Ok, I need to back up a little bit.  My wife did her residency in Pathology.  She studied in both Anatomic and Clinical Pathology – but this particular year was strictly clinical work.  Although most people think that pathologists primarily perform autopsies (which is the “Anatomic” branch of the specialty), the majority of pathologists are actually on the “Clinical” side of the business.  Clinical pathologists run all the hospital lab functions – blood banks, specimen analysis, frozen sections, lab tests, etc.  During surgery for example, if a doctor is removing a cancerous cyst, they will send the specimen to the lab to have the margins checked.  The pathologist needs to analyze the lump, diagnose it while the patient is still under anesthesia, and make sure that the surgeon has cut into “clean” tissue all the way around.  If not, the surgeon needs to cut a little more.

Most of these specimens are pretty small – typically a few millimeters up to a few centimeters.  But not the Anaconda. That was More...

Categories:   Science
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What are we REALLY bailing out? Not mortgages ...

Monday, 23 February 2009 05:57 by The Lunatic

There is absolutely NO WAY that any kind of a mortgage bailout will be fair.  The people who would benefit from mortgage assistance are generally the ones least likely to deserve it.

Hardest hit are people who either bought a bigger house than they could really afford, and people who snagged one of those great “no money down” loans.  Are YOU willing to subsidize someone who is living in a luxurious home they shouldn’t have been able to afford in the first place?  Is that the kind of behavior that we are trying to encourage?

Absolutely not!

While I do have great sympathy for someone who is losing their home after 20 or 30 years, let’s look at the reality of who this might be:

Assume someone bought a house More...

Categories:   Economics | Politics
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AloeBoost and AloeRest - Two New Products From USAloe

Thursday, 19 February 2009 02:28 by The Lunatic

aloerest-final USAloe, a company in California that I've been doing some consulting work for, is launching two new products this week:  AloeBoost (an energy drink) and AloeRest (a relaxation and sleep aid). Both are made with Aloe Vera juice and other healthy, all natural ingredients.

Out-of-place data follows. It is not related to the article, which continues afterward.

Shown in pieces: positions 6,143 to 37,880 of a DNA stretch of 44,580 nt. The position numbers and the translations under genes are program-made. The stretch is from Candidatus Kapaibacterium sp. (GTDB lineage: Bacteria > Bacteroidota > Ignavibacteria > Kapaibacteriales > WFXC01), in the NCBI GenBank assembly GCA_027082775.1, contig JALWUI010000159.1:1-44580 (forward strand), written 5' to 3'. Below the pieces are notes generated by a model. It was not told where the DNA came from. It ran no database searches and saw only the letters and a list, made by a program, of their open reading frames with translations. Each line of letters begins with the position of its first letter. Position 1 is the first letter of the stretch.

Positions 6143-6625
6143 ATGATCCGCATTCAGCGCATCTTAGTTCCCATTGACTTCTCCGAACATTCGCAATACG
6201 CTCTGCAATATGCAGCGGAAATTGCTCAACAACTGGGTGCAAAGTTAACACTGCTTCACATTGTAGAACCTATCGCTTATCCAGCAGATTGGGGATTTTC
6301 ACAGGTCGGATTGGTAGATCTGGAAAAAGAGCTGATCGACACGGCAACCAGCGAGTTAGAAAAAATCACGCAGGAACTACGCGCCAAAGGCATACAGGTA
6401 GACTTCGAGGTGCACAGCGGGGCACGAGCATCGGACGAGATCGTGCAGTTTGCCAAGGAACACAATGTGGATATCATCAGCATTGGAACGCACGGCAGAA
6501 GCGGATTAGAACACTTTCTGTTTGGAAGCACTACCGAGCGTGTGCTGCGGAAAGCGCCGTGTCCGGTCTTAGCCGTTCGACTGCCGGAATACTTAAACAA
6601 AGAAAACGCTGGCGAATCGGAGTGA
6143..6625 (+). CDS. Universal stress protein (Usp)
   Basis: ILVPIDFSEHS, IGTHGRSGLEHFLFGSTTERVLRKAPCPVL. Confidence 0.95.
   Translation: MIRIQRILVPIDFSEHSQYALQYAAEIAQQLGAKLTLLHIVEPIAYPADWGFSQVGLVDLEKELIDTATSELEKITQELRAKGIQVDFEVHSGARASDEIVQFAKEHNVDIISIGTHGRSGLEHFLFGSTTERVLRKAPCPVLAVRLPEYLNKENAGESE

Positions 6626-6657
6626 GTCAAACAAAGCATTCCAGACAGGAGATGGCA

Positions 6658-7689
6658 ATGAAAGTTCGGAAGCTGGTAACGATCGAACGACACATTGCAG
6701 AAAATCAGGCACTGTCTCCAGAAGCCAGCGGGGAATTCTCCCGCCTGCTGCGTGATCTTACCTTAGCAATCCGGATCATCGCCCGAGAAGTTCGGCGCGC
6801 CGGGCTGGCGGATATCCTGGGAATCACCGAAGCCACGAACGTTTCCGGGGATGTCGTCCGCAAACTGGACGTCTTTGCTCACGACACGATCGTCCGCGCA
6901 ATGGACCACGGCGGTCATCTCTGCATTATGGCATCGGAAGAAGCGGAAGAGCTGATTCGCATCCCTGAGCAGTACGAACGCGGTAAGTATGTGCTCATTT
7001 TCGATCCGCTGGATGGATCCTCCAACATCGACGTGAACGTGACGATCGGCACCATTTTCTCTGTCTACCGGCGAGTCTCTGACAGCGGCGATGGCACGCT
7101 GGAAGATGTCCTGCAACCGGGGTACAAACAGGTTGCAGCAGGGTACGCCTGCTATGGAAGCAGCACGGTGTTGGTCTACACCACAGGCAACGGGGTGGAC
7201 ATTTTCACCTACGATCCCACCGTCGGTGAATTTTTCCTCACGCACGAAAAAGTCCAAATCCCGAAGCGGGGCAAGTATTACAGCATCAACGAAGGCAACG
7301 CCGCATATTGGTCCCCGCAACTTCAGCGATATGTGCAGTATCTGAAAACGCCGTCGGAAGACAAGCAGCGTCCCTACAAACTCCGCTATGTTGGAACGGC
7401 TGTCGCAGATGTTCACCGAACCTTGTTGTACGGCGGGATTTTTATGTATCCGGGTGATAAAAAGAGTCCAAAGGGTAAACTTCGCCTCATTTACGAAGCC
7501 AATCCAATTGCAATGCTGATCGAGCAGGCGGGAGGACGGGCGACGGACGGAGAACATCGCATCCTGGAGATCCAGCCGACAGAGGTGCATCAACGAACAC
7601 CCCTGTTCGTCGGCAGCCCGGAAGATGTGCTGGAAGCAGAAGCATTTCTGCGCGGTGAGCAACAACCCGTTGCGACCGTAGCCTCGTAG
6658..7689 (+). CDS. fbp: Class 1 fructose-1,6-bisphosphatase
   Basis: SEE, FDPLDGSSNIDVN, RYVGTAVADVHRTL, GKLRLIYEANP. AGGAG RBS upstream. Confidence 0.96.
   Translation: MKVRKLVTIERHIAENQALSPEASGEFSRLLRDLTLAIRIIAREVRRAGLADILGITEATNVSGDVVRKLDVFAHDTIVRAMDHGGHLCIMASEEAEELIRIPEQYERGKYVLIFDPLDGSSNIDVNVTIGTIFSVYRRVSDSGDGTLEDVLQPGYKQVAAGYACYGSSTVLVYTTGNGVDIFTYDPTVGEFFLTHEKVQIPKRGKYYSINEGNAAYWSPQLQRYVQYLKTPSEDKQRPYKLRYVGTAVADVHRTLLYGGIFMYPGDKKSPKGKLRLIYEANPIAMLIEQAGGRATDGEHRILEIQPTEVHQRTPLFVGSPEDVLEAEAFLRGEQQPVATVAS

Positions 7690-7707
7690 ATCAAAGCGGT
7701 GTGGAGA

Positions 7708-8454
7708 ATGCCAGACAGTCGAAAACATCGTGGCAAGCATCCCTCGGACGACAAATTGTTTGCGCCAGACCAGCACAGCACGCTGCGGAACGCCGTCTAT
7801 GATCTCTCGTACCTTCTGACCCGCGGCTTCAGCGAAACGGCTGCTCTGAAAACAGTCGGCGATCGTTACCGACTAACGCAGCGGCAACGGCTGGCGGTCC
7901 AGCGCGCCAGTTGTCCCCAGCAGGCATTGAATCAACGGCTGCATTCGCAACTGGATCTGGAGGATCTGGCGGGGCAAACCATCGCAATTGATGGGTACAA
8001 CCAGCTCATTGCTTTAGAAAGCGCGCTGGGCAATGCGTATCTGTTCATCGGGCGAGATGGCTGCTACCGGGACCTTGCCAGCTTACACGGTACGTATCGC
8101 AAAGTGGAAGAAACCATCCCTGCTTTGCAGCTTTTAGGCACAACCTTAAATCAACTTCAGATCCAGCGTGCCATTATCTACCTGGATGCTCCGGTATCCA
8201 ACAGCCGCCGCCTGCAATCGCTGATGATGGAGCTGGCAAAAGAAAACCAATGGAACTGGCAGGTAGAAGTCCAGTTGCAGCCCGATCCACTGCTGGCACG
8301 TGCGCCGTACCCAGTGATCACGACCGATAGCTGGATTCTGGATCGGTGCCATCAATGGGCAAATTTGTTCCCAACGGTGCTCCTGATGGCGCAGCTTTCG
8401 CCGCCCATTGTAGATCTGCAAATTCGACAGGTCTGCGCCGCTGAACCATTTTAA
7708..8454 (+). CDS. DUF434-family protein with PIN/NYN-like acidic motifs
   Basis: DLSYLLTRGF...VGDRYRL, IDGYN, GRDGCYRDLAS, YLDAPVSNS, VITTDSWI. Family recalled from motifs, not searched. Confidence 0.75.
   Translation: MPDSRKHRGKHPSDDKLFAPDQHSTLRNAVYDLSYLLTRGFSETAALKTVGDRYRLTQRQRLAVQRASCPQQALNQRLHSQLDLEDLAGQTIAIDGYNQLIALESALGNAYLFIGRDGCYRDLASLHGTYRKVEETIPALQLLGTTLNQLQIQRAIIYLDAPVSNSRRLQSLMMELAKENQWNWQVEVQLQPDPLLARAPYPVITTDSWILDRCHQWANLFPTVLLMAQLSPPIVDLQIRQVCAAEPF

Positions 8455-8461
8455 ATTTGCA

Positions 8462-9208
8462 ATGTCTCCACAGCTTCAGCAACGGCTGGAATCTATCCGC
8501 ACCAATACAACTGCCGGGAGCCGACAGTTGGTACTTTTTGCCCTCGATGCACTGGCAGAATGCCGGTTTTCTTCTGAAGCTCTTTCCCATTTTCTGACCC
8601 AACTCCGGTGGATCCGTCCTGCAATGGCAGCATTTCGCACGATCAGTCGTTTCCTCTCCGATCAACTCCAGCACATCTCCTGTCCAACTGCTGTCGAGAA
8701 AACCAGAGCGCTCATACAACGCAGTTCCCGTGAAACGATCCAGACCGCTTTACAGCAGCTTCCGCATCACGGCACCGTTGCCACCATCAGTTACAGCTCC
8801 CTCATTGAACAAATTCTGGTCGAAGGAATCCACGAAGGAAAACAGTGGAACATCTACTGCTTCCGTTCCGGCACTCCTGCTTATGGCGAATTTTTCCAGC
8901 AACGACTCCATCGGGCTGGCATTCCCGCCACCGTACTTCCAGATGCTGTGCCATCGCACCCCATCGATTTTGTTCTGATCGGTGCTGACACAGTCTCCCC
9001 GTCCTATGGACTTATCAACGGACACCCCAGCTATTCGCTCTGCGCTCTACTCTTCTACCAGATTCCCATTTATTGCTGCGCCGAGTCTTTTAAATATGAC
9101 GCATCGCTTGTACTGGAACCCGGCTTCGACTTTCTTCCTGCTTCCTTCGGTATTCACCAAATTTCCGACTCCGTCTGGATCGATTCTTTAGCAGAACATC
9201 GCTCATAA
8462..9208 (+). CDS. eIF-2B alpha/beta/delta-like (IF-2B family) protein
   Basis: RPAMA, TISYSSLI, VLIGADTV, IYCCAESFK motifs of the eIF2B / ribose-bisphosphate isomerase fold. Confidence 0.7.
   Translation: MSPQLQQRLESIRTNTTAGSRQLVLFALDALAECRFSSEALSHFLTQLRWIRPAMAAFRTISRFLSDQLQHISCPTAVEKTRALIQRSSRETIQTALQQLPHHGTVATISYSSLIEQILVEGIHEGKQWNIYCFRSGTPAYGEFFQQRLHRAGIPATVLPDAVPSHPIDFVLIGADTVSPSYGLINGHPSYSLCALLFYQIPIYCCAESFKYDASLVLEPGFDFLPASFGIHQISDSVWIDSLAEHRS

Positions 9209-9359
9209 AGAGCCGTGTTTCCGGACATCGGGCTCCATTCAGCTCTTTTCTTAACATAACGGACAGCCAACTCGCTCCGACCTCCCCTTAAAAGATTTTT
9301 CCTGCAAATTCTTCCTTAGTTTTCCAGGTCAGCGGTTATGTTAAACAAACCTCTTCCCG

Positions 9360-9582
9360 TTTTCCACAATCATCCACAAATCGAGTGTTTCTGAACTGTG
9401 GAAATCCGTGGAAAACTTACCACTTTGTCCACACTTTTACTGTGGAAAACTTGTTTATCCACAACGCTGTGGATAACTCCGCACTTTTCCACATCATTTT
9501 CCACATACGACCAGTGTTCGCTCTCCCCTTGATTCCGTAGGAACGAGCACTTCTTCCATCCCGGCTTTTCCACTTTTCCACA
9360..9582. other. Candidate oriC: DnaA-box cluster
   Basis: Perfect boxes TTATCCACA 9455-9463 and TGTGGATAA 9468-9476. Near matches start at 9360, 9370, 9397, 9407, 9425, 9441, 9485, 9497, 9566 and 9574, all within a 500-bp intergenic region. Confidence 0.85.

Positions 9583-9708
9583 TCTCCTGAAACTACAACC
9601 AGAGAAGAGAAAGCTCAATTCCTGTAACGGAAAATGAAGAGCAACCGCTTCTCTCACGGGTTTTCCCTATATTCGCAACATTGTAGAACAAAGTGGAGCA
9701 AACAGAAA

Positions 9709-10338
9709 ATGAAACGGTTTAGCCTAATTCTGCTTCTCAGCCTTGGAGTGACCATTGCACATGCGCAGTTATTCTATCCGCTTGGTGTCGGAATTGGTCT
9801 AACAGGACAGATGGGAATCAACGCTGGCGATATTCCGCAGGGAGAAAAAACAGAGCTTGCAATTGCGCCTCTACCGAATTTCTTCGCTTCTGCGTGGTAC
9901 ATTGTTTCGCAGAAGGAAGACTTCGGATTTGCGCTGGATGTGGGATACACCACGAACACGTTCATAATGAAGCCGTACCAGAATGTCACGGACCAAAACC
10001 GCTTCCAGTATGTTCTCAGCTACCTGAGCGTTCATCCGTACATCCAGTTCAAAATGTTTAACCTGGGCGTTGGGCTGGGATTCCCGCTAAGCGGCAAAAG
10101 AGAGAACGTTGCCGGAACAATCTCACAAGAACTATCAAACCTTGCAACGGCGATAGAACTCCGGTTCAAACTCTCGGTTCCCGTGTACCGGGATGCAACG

What's interesting is that these products are going into a network marketing channel instead of a traditional retail channel, and I think people are going to make pretty good money from it.

Now, over the years, I've had plenty of people pitch me on different network marketing companies. All of them have said pretty much the same thing: "I'm going to be retired in two years!"  I've checked back with a few of them, and none of them had the financial success that I've had.

The truth is, a lot of people HAVE made a very substantial income with network marketing (or multi-level marketing, or whatever you want to call it) but these people are More...

Categories:   Economics
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A few universal questions

Friday, 30 January 2009 05:26 by The Lunatic

All the data we have at this point says that the universe that is just under 13 billion years old.  The universe exploded from a big bang and after a brief period of inflation, it has been expanding steadily at the speed of light. Although there are still some unanswered details, most cosmologists agree on these basic points. From here, however, there are numerous opinions and conflicting theories on the basic nature of the universe.